None of them suit the workflow established in the first two versions and are just fiddly, slow and annoying.

I appreciate the effort, but the copyholders and quick reference windows do not work for me.

I will have to continue to hope that we are simply given the option of another writing/editing pane. It doesn’t seem like much to ask.

With all due respect, Keith doesn’t have to ‘explain his refusal’. He’s said he looked at it and the current implementation is the result.

As Keith has said many times, this is a wishes boards, but not all wishes come true. It’s not a popularity poll where the most requested come true, or where the most persistent come to pass.

If it fits with Keith’s vision and is doable, then It may happen, and every now and the a user suggestion sparks him to find a way to do the impossible, witness Scrivener iOS.

While what Amcmo says is true, this is not a topic without prior explanation, and without ample documentation and description of the design theories behind Scrivener’s two-pane system, and the mechanisms that such a system affords. In addition to the aforementioned link, you will find prior discussions on this topic, here in the forum (and I’m sure there are more to be uncovered if one wishes to do a little searching!):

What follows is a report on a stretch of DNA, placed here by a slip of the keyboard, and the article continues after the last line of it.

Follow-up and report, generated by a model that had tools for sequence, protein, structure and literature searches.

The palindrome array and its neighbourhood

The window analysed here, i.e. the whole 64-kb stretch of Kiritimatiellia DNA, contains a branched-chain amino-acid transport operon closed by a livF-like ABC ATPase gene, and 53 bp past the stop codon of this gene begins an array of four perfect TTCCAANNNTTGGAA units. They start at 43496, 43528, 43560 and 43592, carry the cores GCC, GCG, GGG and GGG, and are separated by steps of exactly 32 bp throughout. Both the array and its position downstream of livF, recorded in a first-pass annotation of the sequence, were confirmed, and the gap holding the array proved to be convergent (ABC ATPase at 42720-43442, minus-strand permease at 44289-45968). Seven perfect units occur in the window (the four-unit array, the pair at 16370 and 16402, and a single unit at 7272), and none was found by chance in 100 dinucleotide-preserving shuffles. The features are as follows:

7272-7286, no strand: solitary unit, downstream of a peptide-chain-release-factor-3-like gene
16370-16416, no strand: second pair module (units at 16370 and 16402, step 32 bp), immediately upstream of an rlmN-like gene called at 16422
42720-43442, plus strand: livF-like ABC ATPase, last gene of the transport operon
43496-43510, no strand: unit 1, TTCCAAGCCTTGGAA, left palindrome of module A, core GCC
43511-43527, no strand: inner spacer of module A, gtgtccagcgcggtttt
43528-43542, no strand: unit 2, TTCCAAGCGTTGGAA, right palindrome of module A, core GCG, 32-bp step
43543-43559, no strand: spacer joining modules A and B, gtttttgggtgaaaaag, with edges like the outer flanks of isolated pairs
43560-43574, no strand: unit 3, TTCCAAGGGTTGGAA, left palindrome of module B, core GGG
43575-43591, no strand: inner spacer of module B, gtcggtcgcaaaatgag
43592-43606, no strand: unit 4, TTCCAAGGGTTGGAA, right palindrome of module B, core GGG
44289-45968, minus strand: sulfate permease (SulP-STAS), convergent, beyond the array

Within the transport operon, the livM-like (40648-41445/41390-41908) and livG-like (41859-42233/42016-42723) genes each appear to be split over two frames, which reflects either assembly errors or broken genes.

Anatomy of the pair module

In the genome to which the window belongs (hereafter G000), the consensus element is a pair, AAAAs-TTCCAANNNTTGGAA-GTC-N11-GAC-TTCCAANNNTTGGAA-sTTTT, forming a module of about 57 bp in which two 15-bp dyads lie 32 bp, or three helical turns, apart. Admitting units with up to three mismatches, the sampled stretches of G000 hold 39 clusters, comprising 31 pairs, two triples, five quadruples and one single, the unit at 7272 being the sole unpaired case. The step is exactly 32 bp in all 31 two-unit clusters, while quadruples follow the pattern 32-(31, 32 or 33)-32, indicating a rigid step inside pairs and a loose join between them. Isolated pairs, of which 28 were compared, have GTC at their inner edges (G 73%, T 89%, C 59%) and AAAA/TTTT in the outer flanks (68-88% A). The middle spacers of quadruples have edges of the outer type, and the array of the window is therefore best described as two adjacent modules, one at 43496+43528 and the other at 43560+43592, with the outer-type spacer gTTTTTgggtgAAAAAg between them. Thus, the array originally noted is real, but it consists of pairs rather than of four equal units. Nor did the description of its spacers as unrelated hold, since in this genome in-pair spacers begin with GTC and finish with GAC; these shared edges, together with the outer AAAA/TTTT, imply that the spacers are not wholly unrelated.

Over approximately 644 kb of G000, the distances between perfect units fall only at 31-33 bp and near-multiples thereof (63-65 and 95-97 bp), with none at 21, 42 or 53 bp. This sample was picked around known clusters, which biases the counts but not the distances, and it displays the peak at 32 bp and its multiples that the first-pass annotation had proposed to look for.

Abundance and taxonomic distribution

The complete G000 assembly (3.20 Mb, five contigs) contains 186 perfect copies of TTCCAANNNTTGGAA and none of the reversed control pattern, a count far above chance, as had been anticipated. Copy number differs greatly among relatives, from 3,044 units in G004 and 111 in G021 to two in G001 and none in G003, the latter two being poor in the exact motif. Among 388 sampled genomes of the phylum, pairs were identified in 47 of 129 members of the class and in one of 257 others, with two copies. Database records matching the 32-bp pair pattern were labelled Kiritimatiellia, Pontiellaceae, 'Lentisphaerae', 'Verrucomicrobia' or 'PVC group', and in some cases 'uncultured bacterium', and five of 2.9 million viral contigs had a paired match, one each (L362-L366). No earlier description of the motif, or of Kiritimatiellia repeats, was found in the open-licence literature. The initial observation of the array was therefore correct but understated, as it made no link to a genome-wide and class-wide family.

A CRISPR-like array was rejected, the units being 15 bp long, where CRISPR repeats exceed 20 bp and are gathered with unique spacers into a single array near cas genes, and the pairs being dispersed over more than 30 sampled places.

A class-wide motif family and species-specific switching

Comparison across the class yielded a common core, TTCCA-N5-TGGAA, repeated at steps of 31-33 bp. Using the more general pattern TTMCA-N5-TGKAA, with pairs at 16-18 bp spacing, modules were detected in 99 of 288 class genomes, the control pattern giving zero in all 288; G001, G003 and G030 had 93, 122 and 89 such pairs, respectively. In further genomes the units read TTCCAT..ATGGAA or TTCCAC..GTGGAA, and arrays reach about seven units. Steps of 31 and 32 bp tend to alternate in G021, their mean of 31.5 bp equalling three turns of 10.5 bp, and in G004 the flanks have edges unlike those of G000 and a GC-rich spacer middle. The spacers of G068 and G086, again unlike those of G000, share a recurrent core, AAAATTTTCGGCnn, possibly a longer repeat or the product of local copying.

To elaborate: the two-pane design concept is, you might say, a genre of software design. It is very different from freeform multi-split editors, where integration between these editors is often limited to keybinding pairs to rotate between them or target them numerically. Generously, I would say the concept of the true freeform multi-pane editor has somewhat died off at this point in time (outside of IDEs), replaced by the linear tab-based approach made popular by browsers (and perhaps by TextMate within the plain-text editor realm), but carried onward in Sublime Text, Atom and countless others. Some editors, like Vim and Atom are capable of both parallel content, freeform splitting and tab-like obscured data models.